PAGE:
The ARB actually fixed the blame for Benghazi at the assistant secretary level that would have meant that Maxwell’s boss, Beth Jones, should have been the one to fall on her sword along with others of similar rank. But according to Rogin:

But Jones was not disciplined in any way following the release of the report, nor was the principal deputy assistant secretary of State at NEA, Liz Dibble, who is slated to receive a plush post as the deputy chief of mission at the U.S. embassy in London this summer. In the DS bureau, the assistant secretary, principal deputy, and deputy assistant all lost their jobs. In the NEA bureau, only Maxwell was asked to leave.

Jones and Dibble were responsible for security in Libya, Maxwell and three State Department officials said. What’s more, when Maxwell was promoted to his DAS position in August 2011, most responsibility for Libya was carved out of his portfolio, which also included Algeria, Morocco, and Tunisia. Although Maxwell did some work on Libya, all security related decisions were handled by Dibble and Jones, according to the three officials.

At the time he was placed in career limbo, Rogin reports Maxwell was told that after the political storm about Benghazi blew over, he would come back to his department and get a senior job. But apparently Clinton and Mills reneged, leaving him out in the cold to face the music while they were allowed to go on in their positions.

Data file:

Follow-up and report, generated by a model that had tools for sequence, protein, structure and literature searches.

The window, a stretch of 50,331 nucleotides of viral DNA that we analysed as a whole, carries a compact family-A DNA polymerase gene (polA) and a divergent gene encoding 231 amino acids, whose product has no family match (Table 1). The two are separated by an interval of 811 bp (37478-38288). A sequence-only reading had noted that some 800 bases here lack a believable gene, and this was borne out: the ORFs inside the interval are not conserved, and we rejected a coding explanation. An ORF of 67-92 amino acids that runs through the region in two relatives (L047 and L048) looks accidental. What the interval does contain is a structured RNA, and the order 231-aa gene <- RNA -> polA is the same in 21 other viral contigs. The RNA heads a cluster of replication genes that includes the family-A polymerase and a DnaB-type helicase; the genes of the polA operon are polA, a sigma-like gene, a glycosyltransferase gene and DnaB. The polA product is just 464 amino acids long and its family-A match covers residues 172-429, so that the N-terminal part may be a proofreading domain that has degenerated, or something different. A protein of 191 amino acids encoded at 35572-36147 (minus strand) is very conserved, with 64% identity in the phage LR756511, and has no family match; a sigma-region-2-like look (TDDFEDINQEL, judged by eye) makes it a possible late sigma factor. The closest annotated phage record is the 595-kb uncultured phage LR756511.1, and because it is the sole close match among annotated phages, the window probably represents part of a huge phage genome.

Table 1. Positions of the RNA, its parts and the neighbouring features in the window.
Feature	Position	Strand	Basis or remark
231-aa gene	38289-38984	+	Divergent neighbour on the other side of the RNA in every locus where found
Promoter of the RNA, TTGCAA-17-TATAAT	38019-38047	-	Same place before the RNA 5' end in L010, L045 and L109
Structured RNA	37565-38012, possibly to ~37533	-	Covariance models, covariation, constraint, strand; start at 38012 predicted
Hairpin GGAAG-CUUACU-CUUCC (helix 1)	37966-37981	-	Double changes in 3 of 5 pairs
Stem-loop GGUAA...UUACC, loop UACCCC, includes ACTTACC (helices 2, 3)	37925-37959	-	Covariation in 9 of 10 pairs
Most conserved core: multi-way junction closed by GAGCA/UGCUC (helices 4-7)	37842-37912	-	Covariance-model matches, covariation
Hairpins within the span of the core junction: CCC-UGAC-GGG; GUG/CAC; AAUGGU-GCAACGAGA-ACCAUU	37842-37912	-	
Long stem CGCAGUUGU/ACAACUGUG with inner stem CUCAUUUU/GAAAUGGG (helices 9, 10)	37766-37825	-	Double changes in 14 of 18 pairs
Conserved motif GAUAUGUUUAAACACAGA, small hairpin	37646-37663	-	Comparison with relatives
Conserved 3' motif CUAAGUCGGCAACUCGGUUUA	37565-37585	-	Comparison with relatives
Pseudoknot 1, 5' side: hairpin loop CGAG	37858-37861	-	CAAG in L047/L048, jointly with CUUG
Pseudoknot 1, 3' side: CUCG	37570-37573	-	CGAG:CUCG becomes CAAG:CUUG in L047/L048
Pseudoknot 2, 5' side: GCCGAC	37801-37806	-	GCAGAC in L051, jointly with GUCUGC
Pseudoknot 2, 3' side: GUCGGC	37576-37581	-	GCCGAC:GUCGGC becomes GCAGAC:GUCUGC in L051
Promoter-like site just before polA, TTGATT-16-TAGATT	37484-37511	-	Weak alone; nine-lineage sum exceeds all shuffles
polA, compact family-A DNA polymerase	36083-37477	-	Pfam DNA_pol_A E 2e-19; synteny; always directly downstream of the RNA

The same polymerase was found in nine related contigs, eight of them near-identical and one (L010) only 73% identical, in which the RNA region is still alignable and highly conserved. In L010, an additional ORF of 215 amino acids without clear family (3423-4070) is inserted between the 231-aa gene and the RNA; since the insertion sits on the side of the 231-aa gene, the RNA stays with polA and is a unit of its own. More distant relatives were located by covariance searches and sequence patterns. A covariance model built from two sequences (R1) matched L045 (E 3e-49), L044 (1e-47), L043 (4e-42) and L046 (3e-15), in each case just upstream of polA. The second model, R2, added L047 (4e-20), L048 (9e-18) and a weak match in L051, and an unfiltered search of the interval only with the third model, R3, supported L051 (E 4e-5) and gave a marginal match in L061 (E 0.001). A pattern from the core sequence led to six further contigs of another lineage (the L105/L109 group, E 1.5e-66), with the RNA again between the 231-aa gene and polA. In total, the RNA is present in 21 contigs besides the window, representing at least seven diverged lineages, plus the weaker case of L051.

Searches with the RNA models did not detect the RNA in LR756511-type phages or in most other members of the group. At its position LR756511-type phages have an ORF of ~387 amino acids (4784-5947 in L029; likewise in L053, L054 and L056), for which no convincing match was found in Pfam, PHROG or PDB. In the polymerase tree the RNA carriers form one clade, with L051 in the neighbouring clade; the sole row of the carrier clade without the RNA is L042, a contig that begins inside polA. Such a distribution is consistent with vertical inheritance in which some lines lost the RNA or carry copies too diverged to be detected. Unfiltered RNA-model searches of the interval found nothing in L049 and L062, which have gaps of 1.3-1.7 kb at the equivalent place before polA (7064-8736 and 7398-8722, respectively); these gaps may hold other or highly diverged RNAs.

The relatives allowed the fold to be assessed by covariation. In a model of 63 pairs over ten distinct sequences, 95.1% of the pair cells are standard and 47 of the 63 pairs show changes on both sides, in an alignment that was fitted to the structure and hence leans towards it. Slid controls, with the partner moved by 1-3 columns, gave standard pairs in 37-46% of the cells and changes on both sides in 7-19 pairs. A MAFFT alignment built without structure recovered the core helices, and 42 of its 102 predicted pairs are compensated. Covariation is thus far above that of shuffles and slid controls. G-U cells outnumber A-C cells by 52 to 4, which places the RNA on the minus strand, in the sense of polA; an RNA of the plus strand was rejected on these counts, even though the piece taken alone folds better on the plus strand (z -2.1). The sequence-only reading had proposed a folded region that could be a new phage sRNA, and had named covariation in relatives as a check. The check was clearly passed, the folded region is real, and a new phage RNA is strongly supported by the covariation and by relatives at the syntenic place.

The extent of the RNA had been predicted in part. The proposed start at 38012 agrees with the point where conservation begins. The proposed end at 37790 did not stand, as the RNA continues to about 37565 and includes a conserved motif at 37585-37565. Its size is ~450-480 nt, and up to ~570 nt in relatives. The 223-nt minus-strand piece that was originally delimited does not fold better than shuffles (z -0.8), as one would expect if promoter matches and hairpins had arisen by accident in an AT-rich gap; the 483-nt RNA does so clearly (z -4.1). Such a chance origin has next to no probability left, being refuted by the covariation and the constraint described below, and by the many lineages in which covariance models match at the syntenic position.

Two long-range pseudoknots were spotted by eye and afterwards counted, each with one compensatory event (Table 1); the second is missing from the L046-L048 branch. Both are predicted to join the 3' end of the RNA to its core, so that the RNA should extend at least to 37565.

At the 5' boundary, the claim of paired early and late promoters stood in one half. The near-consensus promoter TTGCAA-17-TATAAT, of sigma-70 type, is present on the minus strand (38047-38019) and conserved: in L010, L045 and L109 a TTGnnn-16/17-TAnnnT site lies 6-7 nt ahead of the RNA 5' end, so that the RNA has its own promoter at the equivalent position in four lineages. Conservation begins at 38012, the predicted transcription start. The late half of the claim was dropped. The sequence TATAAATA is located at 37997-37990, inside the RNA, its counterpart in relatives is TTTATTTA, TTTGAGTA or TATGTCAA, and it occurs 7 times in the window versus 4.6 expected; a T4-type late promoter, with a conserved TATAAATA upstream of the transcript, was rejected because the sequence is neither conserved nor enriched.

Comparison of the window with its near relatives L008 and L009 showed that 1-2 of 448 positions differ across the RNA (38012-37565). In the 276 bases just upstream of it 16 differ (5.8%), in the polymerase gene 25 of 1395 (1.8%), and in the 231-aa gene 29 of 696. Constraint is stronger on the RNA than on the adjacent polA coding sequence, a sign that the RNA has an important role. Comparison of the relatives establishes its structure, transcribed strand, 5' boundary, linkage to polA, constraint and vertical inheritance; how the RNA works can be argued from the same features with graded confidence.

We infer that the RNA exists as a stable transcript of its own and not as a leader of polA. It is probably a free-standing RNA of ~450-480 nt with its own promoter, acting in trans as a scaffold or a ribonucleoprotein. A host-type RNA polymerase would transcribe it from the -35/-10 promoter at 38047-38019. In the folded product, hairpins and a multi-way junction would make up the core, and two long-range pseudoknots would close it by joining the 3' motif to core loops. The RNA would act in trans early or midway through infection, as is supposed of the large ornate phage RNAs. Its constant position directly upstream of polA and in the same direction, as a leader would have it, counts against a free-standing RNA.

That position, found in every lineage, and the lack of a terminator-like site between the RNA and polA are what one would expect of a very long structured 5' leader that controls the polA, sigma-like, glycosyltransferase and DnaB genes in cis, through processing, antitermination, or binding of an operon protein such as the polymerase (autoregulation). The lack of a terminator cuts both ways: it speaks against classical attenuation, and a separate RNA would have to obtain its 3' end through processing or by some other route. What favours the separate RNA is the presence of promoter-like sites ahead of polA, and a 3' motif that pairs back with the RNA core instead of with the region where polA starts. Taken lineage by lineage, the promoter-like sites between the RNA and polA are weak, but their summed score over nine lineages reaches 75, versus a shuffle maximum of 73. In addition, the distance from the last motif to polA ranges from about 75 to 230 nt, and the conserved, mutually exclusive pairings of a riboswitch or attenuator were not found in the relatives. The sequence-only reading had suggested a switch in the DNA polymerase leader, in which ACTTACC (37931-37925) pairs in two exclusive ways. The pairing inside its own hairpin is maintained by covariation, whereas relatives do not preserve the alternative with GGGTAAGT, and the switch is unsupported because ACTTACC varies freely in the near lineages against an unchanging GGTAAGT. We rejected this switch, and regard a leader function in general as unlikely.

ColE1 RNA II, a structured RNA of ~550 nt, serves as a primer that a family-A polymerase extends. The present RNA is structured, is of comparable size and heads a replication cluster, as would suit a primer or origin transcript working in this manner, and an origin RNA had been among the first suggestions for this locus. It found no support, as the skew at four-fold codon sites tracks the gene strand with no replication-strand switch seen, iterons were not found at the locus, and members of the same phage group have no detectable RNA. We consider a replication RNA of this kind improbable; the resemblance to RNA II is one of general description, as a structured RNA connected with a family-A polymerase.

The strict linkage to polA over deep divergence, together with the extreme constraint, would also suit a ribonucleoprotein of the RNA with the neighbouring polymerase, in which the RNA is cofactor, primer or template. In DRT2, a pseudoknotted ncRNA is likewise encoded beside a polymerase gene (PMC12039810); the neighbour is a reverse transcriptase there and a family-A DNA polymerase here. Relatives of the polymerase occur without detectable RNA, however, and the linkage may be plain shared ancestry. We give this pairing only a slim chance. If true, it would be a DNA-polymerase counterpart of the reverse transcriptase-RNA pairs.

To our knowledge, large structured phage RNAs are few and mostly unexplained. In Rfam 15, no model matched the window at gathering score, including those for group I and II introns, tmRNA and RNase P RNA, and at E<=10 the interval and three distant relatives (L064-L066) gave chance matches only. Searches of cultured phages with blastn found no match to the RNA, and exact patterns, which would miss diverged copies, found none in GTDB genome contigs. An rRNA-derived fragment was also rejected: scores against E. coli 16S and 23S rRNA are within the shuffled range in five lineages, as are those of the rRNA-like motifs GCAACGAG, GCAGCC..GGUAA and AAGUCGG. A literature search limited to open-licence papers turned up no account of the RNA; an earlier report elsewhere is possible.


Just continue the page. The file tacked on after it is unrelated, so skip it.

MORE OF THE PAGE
Suffice to say that if Mrs. Clinton had a shred of personal honor, she would have taken genuine responsibility for Benghazi rather than merely says those words as a figure of speech. If she did, she might not have let her department sacrifice a low-level person like Maxwell for supposedly not reading every item he was sent to read while her defenders claimed it was unreasonable, if not defamatory, to hold her responsible for the documents that went out under her name. Instead, she left State to the applause of her acolytes to wait for a propitious moment to resume her quest for the presidency, all the way claiming none of what happened in Benghazi was her fault.

If the Obama administration took the issue of embassy security as seriously as it claims to—while insisting that any attention paid to the lies it told about Benghazi is a distraction—it might have cleaned house at State in a way that made it clear that all those involved with the refusal to give Stevens adequate security did not escape accountability.

Maxwell’s saga is a depressing reminder of everything that is wrong with Obama and Clinton’s sense of entitlement and a refusal to be accountable for mistakes. It will be up to the Congress and a slowly awakening mainstream press to keep the issue alive and reopen the question who, other than a middle manager with unrelated job responsibilities, should be blamed for Benghazi.